So I'm very proud of the team and how we've been navigating this. And despite a number of factors, IDFA being one of them, that really hit us in Q3 toward the back end of the quarter. I'm really pleased that through all of this test and learn, we're exiting the quarter in a good pace and we're already seeing our demand generation spend more in line with the recent percent.

Alice Ryder -- Farfetch Limited

Thank you. Next one questions comes from Doug Anmuth of JPMorgan. Jose, can you talk about China a little bit more and the recent GMV trends, and whether your long-term outlook has shifted at all due to recent regulation and prosperity initiatives?

And then the second question, is about the investments that you're focused on in 2022 to expand the advertising business for brands in Maisons and how you think about how much advertising could add to the take rate in the time?

Jose Neves -- Founder, Chairman and Chief Executive Officer

Yeah. Listen, I think, in China, there's a tremendous, tremendous opportunity for Farfetch, and we remain extremely bullish about China. It is already the second largest luxury goods market in the world, our second largest market as well for Farfetch. It will be the largest luxury goods market in the world. I think with the pandemic and the travel restrictions, there was a major repatriation of consumption, which I think is here to stay to a large extent, which means digital channels are paramount because there are tens of millions of luxury customers in China. They're scattered in literally hundreds of cities as Tier 1, Tier 2, Tier 3 cities. And therefore, online is the way to reach these customers.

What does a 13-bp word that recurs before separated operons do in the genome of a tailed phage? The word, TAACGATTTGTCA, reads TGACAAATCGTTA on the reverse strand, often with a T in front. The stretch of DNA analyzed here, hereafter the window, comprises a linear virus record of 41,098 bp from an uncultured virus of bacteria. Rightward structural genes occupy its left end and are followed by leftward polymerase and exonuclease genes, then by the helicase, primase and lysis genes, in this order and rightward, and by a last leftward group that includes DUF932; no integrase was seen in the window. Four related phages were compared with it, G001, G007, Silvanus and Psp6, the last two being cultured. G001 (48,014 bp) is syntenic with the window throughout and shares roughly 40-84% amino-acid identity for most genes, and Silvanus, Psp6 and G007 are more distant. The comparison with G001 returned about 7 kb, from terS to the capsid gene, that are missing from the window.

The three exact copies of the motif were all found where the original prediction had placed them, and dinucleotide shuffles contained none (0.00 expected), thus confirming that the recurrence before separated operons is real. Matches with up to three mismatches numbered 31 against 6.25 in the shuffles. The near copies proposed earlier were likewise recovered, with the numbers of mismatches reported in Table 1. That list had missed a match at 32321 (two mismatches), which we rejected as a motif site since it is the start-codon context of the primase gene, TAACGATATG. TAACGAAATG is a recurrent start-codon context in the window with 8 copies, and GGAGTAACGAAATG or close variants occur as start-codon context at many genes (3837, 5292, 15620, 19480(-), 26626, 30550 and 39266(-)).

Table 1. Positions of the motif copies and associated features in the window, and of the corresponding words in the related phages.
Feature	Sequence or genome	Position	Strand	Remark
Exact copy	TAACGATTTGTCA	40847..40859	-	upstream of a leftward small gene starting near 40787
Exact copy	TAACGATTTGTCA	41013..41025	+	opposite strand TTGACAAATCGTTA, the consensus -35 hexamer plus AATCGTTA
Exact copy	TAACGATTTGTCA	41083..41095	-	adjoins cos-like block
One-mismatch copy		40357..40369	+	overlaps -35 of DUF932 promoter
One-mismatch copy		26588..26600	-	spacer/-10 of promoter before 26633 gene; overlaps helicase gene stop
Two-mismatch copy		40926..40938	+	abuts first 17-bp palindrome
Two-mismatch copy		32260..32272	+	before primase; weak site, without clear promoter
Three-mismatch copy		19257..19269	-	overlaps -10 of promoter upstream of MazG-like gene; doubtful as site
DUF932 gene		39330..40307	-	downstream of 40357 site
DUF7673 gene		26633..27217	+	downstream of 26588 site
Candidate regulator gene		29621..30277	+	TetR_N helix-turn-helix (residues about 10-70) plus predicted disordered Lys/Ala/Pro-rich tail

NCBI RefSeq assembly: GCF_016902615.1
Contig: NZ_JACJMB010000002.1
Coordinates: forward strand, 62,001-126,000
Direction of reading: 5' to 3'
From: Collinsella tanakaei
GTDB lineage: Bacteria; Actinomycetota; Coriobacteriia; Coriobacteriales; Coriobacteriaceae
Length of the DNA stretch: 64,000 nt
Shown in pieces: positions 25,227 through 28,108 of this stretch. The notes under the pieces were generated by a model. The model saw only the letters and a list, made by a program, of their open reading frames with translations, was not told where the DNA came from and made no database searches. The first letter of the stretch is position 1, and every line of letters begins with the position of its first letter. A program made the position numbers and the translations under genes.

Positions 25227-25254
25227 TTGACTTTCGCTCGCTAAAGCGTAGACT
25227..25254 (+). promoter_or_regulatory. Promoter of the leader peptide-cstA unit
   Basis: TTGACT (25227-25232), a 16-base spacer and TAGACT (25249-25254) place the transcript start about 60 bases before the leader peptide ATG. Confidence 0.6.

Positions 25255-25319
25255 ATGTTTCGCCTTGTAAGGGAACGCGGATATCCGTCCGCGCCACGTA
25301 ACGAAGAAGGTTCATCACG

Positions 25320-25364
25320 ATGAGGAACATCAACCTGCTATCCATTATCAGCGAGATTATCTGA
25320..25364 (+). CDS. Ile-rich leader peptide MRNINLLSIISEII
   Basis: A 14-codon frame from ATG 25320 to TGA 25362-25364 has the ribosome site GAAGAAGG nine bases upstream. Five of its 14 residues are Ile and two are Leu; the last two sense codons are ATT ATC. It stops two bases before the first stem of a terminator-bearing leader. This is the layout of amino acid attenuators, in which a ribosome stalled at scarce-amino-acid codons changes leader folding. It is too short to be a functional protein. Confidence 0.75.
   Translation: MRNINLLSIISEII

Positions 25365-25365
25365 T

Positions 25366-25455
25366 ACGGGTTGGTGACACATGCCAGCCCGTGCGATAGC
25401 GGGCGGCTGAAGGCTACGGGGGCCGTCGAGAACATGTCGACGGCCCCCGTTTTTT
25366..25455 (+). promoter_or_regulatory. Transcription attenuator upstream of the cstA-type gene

Here, Farfetch has a unique position. We're really the only Western luxury e-commerce at scale playing in the market with unique capabilities and a very large business already. We have an alliance with Alibaba and Richemont. And I think we have an incredible opportunity to really capitalize on the strength we see in that market, and we're executing to that effect.

You will have noticed that China as we reported just today, again, Mainland China grew faster than the marketplace. And I think that there are tremendous tailwinds. And these tailwinds are much, much stronger, specifically in online luxury than any hypothetical side winds that you've mentioned in your question that are, at the moment, just hypothetical. But the tailwinds and the secular trends are still so strong. We have such an incredible competitive position that I remain very, very bullish about China.